He stepped back and put up his fists, evidently expecting to box. Instead, I put my head down and lunged into his chest, slamming him into the wall. I spun him around, put my right wrist into his throat in a bar choke we'd been taught, and took him down to the ground on top of me.

I neglected to bury my face into his shoulder as they'd shown us, so he got a thumb into my eye, but I held on to him. People were shouting and trying to break my choke hold, but I hung on. Someone was twisting my foot and he started to go limp, so I decided to let go.

They pulled him off of me and I stood up. Eventually he stood up too and started to bluster that it was nothing, but the others quickly shut that down. “You were gone. Your tongue was hanging out of your mouth and if he hadn't quit, you wouldn't have gotten back up. Just shut your mouth”.

Funny thing. He never bothered me again.

Brook West

Two soldiers in full equipment in desert surroundingPixabay, Pexels

28. Wax On, Punch Off

My father was working in the military in the rank of Major. To skip a lot of stories, he was a super cool dude. At 6 foot 5 inches, he was 250 pounds of muscle. I don’t know how he kept up his physique, but he was the alpha male when he came to the swimming pool.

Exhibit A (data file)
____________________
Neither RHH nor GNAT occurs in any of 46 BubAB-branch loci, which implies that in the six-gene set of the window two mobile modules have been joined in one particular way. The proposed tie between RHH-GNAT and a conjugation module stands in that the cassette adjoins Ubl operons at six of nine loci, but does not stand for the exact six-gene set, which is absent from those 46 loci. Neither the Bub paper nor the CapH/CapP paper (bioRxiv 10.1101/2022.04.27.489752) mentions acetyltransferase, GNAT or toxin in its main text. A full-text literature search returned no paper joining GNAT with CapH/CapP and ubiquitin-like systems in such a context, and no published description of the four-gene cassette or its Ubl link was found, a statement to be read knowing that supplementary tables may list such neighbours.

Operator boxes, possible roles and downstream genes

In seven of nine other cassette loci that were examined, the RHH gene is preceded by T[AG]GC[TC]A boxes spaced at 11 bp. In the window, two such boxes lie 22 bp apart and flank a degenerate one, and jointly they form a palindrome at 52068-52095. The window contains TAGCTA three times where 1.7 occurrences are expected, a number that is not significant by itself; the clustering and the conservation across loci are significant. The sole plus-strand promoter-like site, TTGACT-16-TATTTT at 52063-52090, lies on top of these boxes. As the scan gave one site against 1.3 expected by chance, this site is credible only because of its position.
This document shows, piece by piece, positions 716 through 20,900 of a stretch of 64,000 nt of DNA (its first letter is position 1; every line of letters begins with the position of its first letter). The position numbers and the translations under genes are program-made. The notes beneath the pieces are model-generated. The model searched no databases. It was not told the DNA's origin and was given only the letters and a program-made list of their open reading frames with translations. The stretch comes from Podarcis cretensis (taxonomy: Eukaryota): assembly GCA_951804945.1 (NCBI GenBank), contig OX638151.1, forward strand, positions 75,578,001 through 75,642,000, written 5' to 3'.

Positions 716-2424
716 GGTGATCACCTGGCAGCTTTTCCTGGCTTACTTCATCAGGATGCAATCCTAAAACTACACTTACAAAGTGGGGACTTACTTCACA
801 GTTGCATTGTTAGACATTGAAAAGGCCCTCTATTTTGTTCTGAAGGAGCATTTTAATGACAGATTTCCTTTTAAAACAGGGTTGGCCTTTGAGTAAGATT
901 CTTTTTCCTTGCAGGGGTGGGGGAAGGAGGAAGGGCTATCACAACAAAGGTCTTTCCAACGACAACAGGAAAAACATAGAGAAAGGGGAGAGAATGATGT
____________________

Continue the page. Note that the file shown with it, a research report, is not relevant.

Like, all the women turned to look at him and all the males were jealous and the kids had a role model. I digress. So one summer, I was 16 and my dad was home, and my mom was outside. Being males, we decided to wrestle. He beat me. It did not even begin, really. I was slammed onto the bed, my arms twisted into a full nelson.

It was painful, but I was in awe of his strength and he was laughing. So I told him that I would get strong enough to defeat him (we both were anime fans so he laughed even louder!). Before he left for service again, I asked for permission to join a dojo. He agreed and told me that he would test me after he came back.

6 months later he returned. I was overjoyed but I told him about our duel. He agreed and barely 2 hours after his return, I have been slammed onto the bed again. He laughed and said that he would accompany me to the dojo tomorrow. We entered the dojo and met my sensei.

The sensei started berating me in front of the kids, saying that I was super bad and stuff for no reason at all. Normally teachers stop the criticism after a minute or two, but he kept on going at full steam for 15 minutes. It was the most embarrassing moment of my life as I saw kids from ages 4 to 16 looking at me and laughing.

My dad had enough. He stopped the sensei mid-sentence and said, ”Maybe he is so bad because you don’t teach well”. The sensei, aggravated, started screaming that he was a black belt in some stupid division of karate an international champion and blah blah blah. My dad roared, ”Prove it then”!